Cycling injuries on Luas tracks ‘a significant public health issue’, study finds

Analysis of injuries at St James’s Hospital finds Luas tracks at College Green a particular ‘black spot’

The scale of injuries to cyclists as a result of bicycles getting stuck in tram tracks on the Luas lines in Dublin is “a significant public health issue”, according to a new medical study.

A review of cyclists attending the emergency department in St James’s Hospital in Dublin over a two-year period found 48 patients had suffered injuries sustained when their bicycle wheel got caught in the on-road Luas tracks.

The Dublin cycling campaign group said the gap at the Luas tracks “almost perfectly” fits bicycle wheels, with this research showing the need to increase the presence of segregated cycle lanes.

It identified the Luas tracks around College Green as a particular “black spot”, accounting for 46 per cent of all incidents. Stephen’s Lane near Heuston Station and Dawson Street each accounted for one-in-eight accident sites.


The study by a team of researchers found 60 per cent of such patients had suffered a limb fracture with 14 per cent requiring orthopaedic surgery.

Among the most serious injuries was a patient who suffered a broken hip and another who had part of their bicycle embedded in the soft tissue of their thigh.

A third of all injured cyclists sustained some type of head injury, while a quarter of all patients suffered a soft tissue injury.

The study also revealed that 50 per cent of the patients were not wearing a helmet at the time of the incident.

However, the researchers said the rate of non-wearing of a helmet could be even higher than 50 per cent due to incomplete data on some patients.

More than half of all casualties (56 per cent) sustained an upper limb injury with injuries to the shoulder, hand and elbow the most common, while a third suffered some form of injury to the lower limbs, mostly the knee.

The medical records showed that 54 per cent of the collisions occurred around Dublin city centre during morning and evening rush hours.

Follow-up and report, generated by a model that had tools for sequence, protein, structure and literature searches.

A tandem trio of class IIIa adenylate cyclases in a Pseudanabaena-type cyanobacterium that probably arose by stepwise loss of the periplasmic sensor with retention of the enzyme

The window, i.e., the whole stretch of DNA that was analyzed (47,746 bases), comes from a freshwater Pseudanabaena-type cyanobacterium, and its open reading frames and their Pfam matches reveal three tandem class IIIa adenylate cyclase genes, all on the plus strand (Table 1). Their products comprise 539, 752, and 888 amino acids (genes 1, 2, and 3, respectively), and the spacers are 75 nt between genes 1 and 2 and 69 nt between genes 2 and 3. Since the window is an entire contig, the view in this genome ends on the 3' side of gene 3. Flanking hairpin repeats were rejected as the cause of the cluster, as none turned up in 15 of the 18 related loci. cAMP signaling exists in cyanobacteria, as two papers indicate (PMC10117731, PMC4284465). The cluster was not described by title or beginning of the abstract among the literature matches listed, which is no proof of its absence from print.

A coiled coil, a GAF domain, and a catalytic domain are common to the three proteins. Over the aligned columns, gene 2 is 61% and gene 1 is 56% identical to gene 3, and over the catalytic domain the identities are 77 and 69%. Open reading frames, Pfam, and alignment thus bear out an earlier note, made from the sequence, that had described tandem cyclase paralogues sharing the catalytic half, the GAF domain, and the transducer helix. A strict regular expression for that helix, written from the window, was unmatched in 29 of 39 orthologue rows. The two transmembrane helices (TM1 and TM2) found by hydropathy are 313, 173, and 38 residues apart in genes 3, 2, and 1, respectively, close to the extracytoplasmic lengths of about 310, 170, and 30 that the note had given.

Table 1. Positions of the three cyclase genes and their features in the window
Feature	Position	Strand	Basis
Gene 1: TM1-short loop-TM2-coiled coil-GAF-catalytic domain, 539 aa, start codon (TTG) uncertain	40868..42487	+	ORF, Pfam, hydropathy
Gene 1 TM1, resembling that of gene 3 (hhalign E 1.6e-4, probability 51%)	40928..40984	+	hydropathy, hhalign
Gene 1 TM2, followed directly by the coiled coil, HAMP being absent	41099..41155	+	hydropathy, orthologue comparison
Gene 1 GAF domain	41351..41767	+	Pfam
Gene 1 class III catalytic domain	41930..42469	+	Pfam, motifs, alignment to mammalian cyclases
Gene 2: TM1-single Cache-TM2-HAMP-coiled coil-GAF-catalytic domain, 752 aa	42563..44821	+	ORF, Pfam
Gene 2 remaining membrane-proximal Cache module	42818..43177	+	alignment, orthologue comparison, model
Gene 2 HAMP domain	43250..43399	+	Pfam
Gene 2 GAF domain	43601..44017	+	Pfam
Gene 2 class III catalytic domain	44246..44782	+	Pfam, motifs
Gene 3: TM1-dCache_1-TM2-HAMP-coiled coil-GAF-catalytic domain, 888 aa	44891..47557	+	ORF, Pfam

Over four-in-ten cyclists were brought to hospital by ambulance from the site of the accident.

Males accounted for 55 per cent of the injured cyclists while 45 per cent were female, while the median age of patients was 30 years.

Researchers conducted a retrospective study of cycling injuries linked to the Luas tracks from patients who presented at St James’s emergency department between November 2017 and November 2019.

The findings, which are published in the Irish Journal of Medical Science, showed four cyclists required immediate orthopaedic surgery while three others were admitted for surgery from the fracture clinic.

One of the report’s authors, Olivia Smith, a member of the medical staff in St James’s emergency department, said the audit demonstrates that cycling in and around tram track lines has “inherent dangers”.

The report said the type of injuries sustained by cyclists in such accidents had the potential to not only impact significantly on their day-to-day lives and their employment capability but also at a psychological level on injury outcome and ability to return to work.

Ms Smith said crossing the Luas tracks at a direct 90 degree angle would reduce the risk of a wheel getting caught.

However, she acknowledged that accurate manoeuvring across tram tracks in busy rush hour traffic could prove “challenging or impossible” at traffic-clogged intersections,

The report noted that the filling in of the grooves on the Luas tracks had been suggested but appeared to present engineering difficulties, it also suggested that better signage to heighten awareness among cyclists may need to be considered.

The study observed that it had gathered data on just one of six adult emergency departments in Dublin city, and that many cyclists may not receive medical attention, or instead visit their GP or a private minor injuries unit.

“Therefore it is possible the number of cyclists involved in tram track cycling injuries in Dublin city may be significantly higher than the number of incidents identified here,” it concluded.

Úna Morrison, public relations officer at Dublin Cycling Campaign, said injuries sustained by cyclists after falling due to Luas tracks are an “issue”.

“From our point of view, anything that causes injury to cyclists is something we need to prevent. We want to ensure that all our cyclists can safely cycle on the road. The way we can ensure this is to continue the expansion of segregated cycle lanes,” she said.

Hazel Chu, Green Party councillor at Dublin City Council and former lord mayor, fell from her bike after its tyres got stuck in a tram track on Dawson Street in summer 2020.

“I fell over and I was trying to get back up when a bus came up behind and started beeping at me. I eventually got back up, but it was hard to get the bike out of the track. It was fine, I was just hurt with some scraping, but I wasn’t seriously injured,” she said.

“This is why we need proper infrastructure for bikes across the city.”

Shauna Bowers

Shauna Bowers

Shauna Bowers is Health Correspondent of The Irish Times